Studying for a law degree: A guide

words Al Woods

Not all students who sign up for law degrees every year end up graduating, and some of the graduates don’t finish with the best grades. Becoming a lawyer is one of the best careers in the world, but getting there takes work. This article highlights some tips that can be helpful when studying a law degree.

Have a Plan

In law school, there will be lots and lots of reading. If you don’t have a plan, you can easily give way to procrastination and miss the deadlines, or fail to read for your exams on time. Have a plan with specific timelines, and once you make a time plan, stick to it. Don’t watch TV or go out when you should be reading for your next class. You may have to cut down the amount of time you spend on TV and other things to focus more on your studies. However, this doesn’t mean your plan shouldn’t include extra curriculum activities. You need a good study-life balance. Make plans to relax, spend time with friends and family, travel, and engage in your hobbies, but dedicate the bigger percentage of your time to your studies. This also includes planning where you go to law school in the first place. For instance, this top law school guide shows how likely you are to get into any given law school, based on your LSAT scores – and if your current school is proving too overwhelming, this tool could help you switch to one that’s more right for you.

Read Extensively

In addition to your coursework, you’ll want to explore books, magazines, journals and blogs. Read about law and anything affecting law students and lawyers. Some of the knowledge you gain outside your coursework may not contribute much to your degree, but it can be helpful once you start practising.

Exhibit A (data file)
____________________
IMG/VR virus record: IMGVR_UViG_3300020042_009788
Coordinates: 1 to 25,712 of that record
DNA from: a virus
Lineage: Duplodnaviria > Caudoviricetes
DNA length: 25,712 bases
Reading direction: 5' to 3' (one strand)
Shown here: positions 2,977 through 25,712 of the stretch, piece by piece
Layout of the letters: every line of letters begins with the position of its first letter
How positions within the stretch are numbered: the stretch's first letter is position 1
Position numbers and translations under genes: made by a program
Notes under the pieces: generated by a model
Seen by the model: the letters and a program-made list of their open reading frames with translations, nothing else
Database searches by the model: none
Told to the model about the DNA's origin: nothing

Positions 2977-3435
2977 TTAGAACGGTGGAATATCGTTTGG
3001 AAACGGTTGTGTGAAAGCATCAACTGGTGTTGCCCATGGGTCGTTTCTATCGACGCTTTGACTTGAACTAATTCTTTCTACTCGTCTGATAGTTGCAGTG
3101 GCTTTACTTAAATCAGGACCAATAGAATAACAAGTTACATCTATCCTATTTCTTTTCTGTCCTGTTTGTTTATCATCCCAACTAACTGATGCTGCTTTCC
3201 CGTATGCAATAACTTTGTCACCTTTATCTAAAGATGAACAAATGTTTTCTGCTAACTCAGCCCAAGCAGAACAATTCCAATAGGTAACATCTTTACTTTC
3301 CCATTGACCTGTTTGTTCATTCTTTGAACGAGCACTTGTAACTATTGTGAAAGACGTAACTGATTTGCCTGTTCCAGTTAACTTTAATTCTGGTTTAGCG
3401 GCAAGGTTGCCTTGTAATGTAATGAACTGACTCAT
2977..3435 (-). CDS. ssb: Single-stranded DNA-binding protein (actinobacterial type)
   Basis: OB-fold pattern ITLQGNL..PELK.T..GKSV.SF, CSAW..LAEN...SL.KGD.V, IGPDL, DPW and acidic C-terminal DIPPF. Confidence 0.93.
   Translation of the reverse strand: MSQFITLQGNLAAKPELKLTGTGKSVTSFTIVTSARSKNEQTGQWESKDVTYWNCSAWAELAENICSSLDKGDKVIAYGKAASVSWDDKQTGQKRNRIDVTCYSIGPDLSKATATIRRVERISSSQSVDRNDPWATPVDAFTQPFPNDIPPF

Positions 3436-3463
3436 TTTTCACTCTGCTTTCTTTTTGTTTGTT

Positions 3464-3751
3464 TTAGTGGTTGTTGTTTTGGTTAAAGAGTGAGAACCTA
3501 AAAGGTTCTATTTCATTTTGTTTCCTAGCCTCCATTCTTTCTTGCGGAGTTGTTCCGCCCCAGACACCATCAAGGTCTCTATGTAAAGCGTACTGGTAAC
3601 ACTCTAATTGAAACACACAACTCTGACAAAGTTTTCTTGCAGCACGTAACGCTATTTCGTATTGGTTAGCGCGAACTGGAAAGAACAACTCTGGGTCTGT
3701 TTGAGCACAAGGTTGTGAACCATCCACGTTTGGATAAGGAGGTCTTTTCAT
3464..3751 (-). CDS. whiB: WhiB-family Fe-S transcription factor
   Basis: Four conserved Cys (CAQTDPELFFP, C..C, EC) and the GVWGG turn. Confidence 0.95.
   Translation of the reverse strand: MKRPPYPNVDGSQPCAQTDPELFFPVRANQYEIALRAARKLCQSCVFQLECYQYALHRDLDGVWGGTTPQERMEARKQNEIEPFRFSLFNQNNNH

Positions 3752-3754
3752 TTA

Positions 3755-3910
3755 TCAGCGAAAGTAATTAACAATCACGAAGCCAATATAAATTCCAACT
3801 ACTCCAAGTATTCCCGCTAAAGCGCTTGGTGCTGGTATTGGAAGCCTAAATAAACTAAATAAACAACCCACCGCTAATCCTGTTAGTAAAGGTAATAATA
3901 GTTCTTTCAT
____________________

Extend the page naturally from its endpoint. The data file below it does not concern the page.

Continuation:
Don’t Miss Lectures

Consider these three key tips if you don’t want to miss lectures – one, prepare ahead for the next lecture. Know what you will be covering, do some reading, and gather all the materials you need on time; two – block your lecture times from all distractions. Let your friends and family know when you have lectures so that they don’t tempt you with invitations to hang out when you should be in class; three – take good care of your health by eating right, exercising and getting enough sleep. If you stay up late at night, you are likely to miss the next morning’s class.


When you network, you develop relationships with people who can support your law career, and you also get platforms where you can gain more knowledge and skills and even learn about new opportunities. Therefore, once you sign up as a student, always be on the lookout for networking events within and outside your school. Some of the great networking events for law students are those organised by law societies and law firms.

Get Some Hands-on Experience

Away from school, try to engage with lawyers or law firms and learn from them. For instance, if you aspire to work as a medical malpractice lawyer, find a firm that specialises in that and learn more about claims for medical negligence. Most law firms are always willing to take in students as interns or volunteers.

When the going gets tough, instead of quitting, find someone you can talk to about your struggles. This could be someone from your network, your lecturers, an experienced lawyer or even a career coach.


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